Making Tech Work for You – Online Shopping

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Marc Gulwell, our Sight Loss Advisor Manager writes about how shopping online has helped him.

As someone registered blind, one of the most difficult things I have found to do is food shopping, an everyday task that most people take for granted.

My experience in supermarkets is of aimlessly walking around trying to figure out what aisle I am in or where on the shelf an item is. It doesn’t help that everything seems to look the same with colourful packaging.

When I have asked a member of staff for help they have not always been that helpful. Often, they do not understand my needs, or point and say ‘it is over there’. That magical place that no blind person has ever been able to find! Or they turn and shoot off expecting me to follow them – usually within seconds I have lost them.

The advent of online grocery shopping however has made this task far more pain-free for me. If you have sight loss and use a computer or a smart device, food shopping has never been easier.

Here is my step-by-step guide to food shopping online.

Firstly, choose your supermarket. Different supermarkets have different collection and delivery options depending on area. If you don’t know which one delivers in your area, then ask your local store, or ask your Community Sight Loss Advisor for help finding the right one. With online shopping you can access all the usual offers and rewards schemes that are available in-store.

Next you will need to create an account. Once registered, you can start browsing the virtual shelves.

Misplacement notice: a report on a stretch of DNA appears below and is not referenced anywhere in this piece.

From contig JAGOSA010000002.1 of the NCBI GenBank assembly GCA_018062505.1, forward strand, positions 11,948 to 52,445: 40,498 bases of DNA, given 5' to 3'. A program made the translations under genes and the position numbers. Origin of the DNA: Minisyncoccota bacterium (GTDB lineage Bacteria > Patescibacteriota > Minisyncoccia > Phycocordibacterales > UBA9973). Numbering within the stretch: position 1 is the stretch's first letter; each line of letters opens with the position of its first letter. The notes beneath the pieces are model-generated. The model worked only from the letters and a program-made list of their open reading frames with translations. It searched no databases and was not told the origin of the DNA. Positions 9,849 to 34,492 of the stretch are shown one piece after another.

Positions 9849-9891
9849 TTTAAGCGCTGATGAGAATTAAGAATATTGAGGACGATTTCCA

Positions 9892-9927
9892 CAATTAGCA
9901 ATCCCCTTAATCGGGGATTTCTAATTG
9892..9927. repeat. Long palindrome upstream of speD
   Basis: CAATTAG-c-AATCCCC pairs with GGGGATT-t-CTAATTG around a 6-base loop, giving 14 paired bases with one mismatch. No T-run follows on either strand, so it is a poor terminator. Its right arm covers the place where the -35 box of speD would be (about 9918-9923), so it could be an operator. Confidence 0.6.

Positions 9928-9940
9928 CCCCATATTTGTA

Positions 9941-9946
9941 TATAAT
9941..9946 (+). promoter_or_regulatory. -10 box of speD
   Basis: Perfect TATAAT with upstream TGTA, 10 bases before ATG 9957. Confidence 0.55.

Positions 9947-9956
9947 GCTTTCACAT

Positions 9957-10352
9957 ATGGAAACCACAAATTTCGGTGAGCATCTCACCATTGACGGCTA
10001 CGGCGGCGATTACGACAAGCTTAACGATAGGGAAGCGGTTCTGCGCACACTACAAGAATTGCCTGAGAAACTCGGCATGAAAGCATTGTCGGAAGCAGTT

The best place to start is to book a time slot for delivery (or collection in store if you prefer). You will be able to choose a day and time that suits you. This is normally within a two-hour window. There is usually a minimum order amount and delivery fees vary between supermarkets.

Now start shopping. Just as if you were walking the aisles in-store, each area of the shop is organised in departments. So, if you are looking for frozen food, you can go direct to the frozen food section. From there, items are broken down into sub-categories, making it easier to find what you are looking for.

image of someone online shopping on a tablet, they are sitting in front of a table with vegetables on and they are shopping for vegetables on the tablet.

Alternatively, you can use the website’s search bar to find items. The search function even lets you write a whole shopping list at once. Next choose the amount of the item you want and add to basket.

Once you are happy you have everything, you are all set for the virtual checkout. No need to empty a trolley onto a belt or to worry about the self-service till which I find impossible as a blind person. You will need to enter your credit or debit card details, or some supermarkets allow you to pay with other methods such as Google Pay, Apple Pay or PayPal.

If you have chosen the delivery option, you can sit back and relax, in the knowledge your groceries will be with you soon. When they arrive there are sometimes substitutions if an item you ordered was out of stock. You will be told what they have sent instead, and you can reject it if it isn’t suitable.

The driver is also able to bring the shopping into your house for you or, if you prefer, you can take things from your doorstep. Supermarkets are phasing out the use of plastic bags so shopping might arrive in trays.

If you have decided to collect your groceries, there will be a dedicated area of the store to do this. If someone is collecting on your behalf, they may need a copy of your order number, so forward them the email confirmation you receive.

So, you are now done and can put your feet up! Food shopping has never been easier for those with little or no sight!